Importance of Having Visitors
Make a world of difference to someone: visit a nursing home resident
My fellow nursing home administrators estimate as many as two-thirds of residents don’t receive regular visitors, according to Volunteers of America (www.voaok.org), which has a program called Caring Companions that matches volunteer visitors with nursing home residents.
I can’t tell you how important visitors are to residents. Our often elderly residents have generally experienced life-changing events that may have left them shaken: the death of a spouse, the loss of their own home, increasing health concerns and physical limitations.
Visiting before, during, and after the period during which a resident transitions into a nursing home and settles in is especially important. That transition may give rise to many painful emotions, insecurity about their environment, even feelings of rejection. They may need you to hug them and say you love them.
A visit makes a resident’s day and gives him or her something special to talk about with other residents for many more days. But one visit every six months—on Christmas and the resident’s birthday, for example—while nice, isn’t enough. It wouldn’t be enough for anyone, elderly or not.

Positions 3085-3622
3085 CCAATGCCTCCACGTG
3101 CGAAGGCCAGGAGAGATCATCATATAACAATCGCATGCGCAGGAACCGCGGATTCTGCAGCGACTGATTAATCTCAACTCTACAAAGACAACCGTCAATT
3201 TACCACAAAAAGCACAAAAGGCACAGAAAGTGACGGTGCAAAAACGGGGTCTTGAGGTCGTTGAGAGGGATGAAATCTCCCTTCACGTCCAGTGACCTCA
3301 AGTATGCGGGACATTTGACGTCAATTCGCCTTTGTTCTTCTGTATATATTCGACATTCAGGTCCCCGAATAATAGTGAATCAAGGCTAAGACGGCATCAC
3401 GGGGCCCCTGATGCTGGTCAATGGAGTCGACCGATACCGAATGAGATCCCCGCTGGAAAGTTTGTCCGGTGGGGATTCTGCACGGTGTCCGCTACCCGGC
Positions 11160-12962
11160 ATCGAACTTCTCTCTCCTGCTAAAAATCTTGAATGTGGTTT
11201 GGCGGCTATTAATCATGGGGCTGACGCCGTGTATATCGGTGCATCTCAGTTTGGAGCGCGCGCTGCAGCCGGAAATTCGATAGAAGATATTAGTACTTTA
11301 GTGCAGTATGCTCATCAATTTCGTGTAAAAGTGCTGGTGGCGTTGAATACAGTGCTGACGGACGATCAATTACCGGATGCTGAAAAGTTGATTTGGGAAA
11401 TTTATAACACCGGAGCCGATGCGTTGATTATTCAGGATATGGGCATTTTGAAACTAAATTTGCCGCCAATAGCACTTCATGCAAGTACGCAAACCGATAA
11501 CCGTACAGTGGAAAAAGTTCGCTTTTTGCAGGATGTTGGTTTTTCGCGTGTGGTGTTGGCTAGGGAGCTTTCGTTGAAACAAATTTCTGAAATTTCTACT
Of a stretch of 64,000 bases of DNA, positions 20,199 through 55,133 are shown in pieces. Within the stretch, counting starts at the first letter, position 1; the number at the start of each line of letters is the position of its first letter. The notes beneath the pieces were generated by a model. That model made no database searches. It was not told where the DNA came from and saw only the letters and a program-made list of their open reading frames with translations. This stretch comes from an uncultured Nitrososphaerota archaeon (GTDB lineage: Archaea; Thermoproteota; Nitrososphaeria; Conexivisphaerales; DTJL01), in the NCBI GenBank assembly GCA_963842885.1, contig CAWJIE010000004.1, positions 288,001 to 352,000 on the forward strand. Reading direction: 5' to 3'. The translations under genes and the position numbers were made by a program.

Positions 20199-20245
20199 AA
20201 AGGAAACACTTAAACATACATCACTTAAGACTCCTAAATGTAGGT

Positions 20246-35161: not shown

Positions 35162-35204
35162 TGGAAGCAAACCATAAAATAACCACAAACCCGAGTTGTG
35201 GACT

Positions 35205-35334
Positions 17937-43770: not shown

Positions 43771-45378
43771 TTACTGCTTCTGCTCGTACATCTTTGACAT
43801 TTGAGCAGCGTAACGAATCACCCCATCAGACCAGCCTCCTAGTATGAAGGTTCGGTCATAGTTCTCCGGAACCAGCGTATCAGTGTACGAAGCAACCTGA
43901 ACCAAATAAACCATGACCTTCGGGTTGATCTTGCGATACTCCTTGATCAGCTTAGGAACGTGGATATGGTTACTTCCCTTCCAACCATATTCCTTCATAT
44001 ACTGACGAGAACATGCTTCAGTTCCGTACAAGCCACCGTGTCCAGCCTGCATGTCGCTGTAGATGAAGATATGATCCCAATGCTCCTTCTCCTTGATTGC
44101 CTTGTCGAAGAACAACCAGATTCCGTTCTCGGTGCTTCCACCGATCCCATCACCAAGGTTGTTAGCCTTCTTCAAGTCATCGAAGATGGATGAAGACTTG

I know many people don’t like to visit nursing homes. They’re disturbed by the sight of so many elderly people with disabilities. But look beyond physical appearances. Each one is an individual with a unique life story that so many are willing to share with a visitor. I learn things from our residents every day.
When you make the decision to visit, call ahead first, recommends the American Health Care Association (www.ahca.org). It’s only respectful; you’d do the same thing if they were living in a single-family home. Ask what would be a good time to visit, rather than just show up unannounced. Not only does it let the resident anticipate the visit, which extends the pleasure, but he or she may have plans or feel more sociable during one part of the day.
Also, check on visiting hours and when lunchtime and bath-time are so you don’t interrupt these important periods of the day. Some facilities, like Arbor Village, may invite you to have a meal with your loved one, but before accepting make sure this is okay with the person you’re visiting.
When you’re visiting, be mindful of not promising things, like future visits, that you’re not sure you can deliver. Promising to visit and then not coming is hurtful to your loved one, but unfortunately many people feel pressured to promise things in the future when they’re visiting that they haven’t really thought through. So, if you plan to visit again, take your calendar and figure out a day and time that works for both of you, and mark it in your calendar.
Even if you don’t have a friend or family member living in a nursing home, consider joining a group like Caring Companions. You can make such a tremendous difference in a resident’s life by visiting him or her regularly.